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review 2018-09-19 07:11
Review: Slade House
Slade House: A Novel - David Mitchell

Wow!  This was a pretty creepy and twisted tale.  This book was beautifully written and very interesting.  The whole time I read it, Hotel California was playing on a loop inside my head.


But what to say about it?  It's kinda of the age-old tale of a man being too stupid or stubborn--or both-- to listen to the woman in his life.  If Jonah had just listened to his sister Nora, things could have turned out so, so differently for both of them.


This is basically a Hotel California type situation.  A person with the right type of...psychic energy I guess, is lured into Slade House by the Grayer siblings, where they are treated to all sorts of fantasies--or hallucinations--and once they succumb, they are never seen again.  But each victim is warned by the previous victim until finally one of them is strong enough to fight back, which is the beginning of the end for the Slade House.


It was pretty spooky and kind of sad.  Enough of he victims' backgrounds were revealed that you felt real sympathy for most of them.  Anger, even, at siblings for what they were doing to innocent people.  It was a very good series of interconnected vignettes and while it wasn't completely an 'open ending', I feel like there is a door left open for a sequel.  I'd be very interested in reading.



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review SPOILER ALERT! 2017-11-07 03:25
Review: It
It: A Novel - Stephen King

So it only took me forever, but not because the book was bad (obviously).  I'm just a slacker.


I don't know what to say about it other than it is another gem from the master, Stephen King.  It was well written and had the right amount of creepiness, horror and humor.


There are some triggering scenes with animal abuse that were discomforting to me.


And am I the only one who felt bad for It in the end?  I think it was the mom in me feeling a little softhearted as It begged for it's life and for the life of it's progeny.  But, of course, I know It couldn't be left to survive, nor could it's young.  But for a brief moment, I felt It's pain; the need to save itself and it's children.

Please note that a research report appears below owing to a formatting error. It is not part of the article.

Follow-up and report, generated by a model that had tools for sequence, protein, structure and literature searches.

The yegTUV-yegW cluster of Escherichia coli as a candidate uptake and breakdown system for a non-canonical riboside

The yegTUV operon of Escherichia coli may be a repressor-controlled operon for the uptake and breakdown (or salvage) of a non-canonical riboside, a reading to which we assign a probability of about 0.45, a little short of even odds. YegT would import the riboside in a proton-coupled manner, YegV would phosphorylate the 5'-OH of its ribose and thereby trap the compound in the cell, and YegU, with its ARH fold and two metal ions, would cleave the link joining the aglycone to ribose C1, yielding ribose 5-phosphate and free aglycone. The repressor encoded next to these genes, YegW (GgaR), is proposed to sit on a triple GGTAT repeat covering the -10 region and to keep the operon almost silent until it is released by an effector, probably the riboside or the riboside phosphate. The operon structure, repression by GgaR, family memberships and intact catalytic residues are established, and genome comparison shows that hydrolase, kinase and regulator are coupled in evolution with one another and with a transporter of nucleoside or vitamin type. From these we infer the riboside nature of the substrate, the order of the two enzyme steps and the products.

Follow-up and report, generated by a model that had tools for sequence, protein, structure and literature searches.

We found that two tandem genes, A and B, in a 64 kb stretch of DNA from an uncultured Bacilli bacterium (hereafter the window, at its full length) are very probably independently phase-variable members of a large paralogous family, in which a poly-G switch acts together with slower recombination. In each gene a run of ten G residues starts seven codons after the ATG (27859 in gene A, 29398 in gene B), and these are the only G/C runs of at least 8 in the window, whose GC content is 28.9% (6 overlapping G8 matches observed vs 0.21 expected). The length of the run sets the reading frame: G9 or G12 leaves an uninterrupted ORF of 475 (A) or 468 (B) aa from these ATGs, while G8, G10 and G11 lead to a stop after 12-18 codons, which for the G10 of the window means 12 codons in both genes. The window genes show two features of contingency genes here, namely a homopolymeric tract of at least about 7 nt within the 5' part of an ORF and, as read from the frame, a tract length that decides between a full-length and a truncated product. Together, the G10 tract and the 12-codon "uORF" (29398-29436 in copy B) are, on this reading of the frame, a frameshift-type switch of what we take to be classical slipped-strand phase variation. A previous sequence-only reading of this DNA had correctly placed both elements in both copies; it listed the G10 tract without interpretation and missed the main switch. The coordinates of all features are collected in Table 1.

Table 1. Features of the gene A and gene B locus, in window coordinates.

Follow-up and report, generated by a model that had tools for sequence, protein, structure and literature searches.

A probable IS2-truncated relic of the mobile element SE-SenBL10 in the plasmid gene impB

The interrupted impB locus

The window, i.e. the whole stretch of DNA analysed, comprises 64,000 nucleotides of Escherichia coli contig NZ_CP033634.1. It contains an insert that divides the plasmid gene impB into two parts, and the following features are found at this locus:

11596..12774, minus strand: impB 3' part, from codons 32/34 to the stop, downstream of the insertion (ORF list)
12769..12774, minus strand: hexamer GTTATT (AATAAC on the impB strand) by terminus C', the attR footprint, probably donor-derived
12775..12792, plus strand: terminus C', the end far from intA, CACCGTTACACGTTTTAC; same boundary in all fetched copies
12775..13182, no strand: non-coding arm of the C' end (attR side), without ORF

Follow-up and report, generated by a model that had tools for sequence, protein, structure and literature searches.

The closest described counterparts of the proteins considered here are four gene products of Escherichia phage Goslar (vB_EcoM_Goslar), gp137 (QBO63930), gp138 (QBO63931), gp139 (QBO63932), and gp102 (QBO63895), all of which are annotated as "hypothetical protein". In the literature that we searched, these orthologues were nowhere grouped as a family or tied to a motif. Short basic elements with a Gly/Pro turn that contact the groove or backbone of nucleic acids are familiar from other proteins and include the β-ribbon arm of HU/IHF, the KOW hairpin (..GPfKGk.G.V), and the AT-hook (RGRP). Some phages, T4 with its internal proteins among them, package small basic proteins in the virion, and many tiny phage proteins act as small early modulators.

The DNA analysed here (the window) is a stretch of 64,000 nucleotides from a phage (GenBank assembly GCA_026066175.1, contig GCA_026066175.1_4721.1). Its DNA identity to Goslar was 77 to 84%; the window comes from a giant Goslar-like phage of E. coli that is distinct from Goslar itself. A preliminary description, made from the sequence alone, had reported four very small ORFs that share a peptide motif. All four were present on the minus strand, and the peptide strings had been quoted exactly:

All in all, it was quite the roller-coaster ride.



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review 2017-04-30 02:29
Parnassus on Wheels - Christopher Morley

I don't even know what to day about this. It was fantastic. It seems I say that about a lot of my reads, but I guess I just have good taste!

Helen, the protagonist is sick of her brother the Andrew. He's living the life of a farmer when suddenly he gets it into his head to write a book, which of course got published. This lead to publishes beating down the door, and Andrew going off for weeks and months at a time leaving Helen to handle things on the farm.

Needless to say she tires of it quickly, so when Mr. Roger Mifflin arrives at the farm with his bookstore on wheels, proposing to sell it to Andrew, Helen buys it instead. She'll be damned if Andrew goes off on another months long adventure and stick her with all the farm work. This is the beginning of a ridiculous, fabulous adventure for the forty-year-old woman who hadn't had so much as a vacation in fifteen years.

Andrew's in a right state when he finds out about it and ends up chasing down Helen and Mifflin, who was staying on only long enough to show her the ropes of Parnassus, the rolling bookstore. There are fights, robberies, deception, visits with book enthusiasts, actual book sales, and all along it turns out to be a love story.

It was really quite beautiful and a must read for all bookish people. I can't wait to get my hands on a copy of the sequel, The Haunted Bookshop!

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review 2016-10-22 23:50
Review of "Witchstruck" (Tudor Witch Trilogy, #1) by Victoria Lamb.
Witchstruck - Victoria Lamb

This should have worked for me.  Paranormal set in Tudor times during Elizabeth I's banishment to Woodville.


Ugh.  Such petty, mean-spirited entitled characters.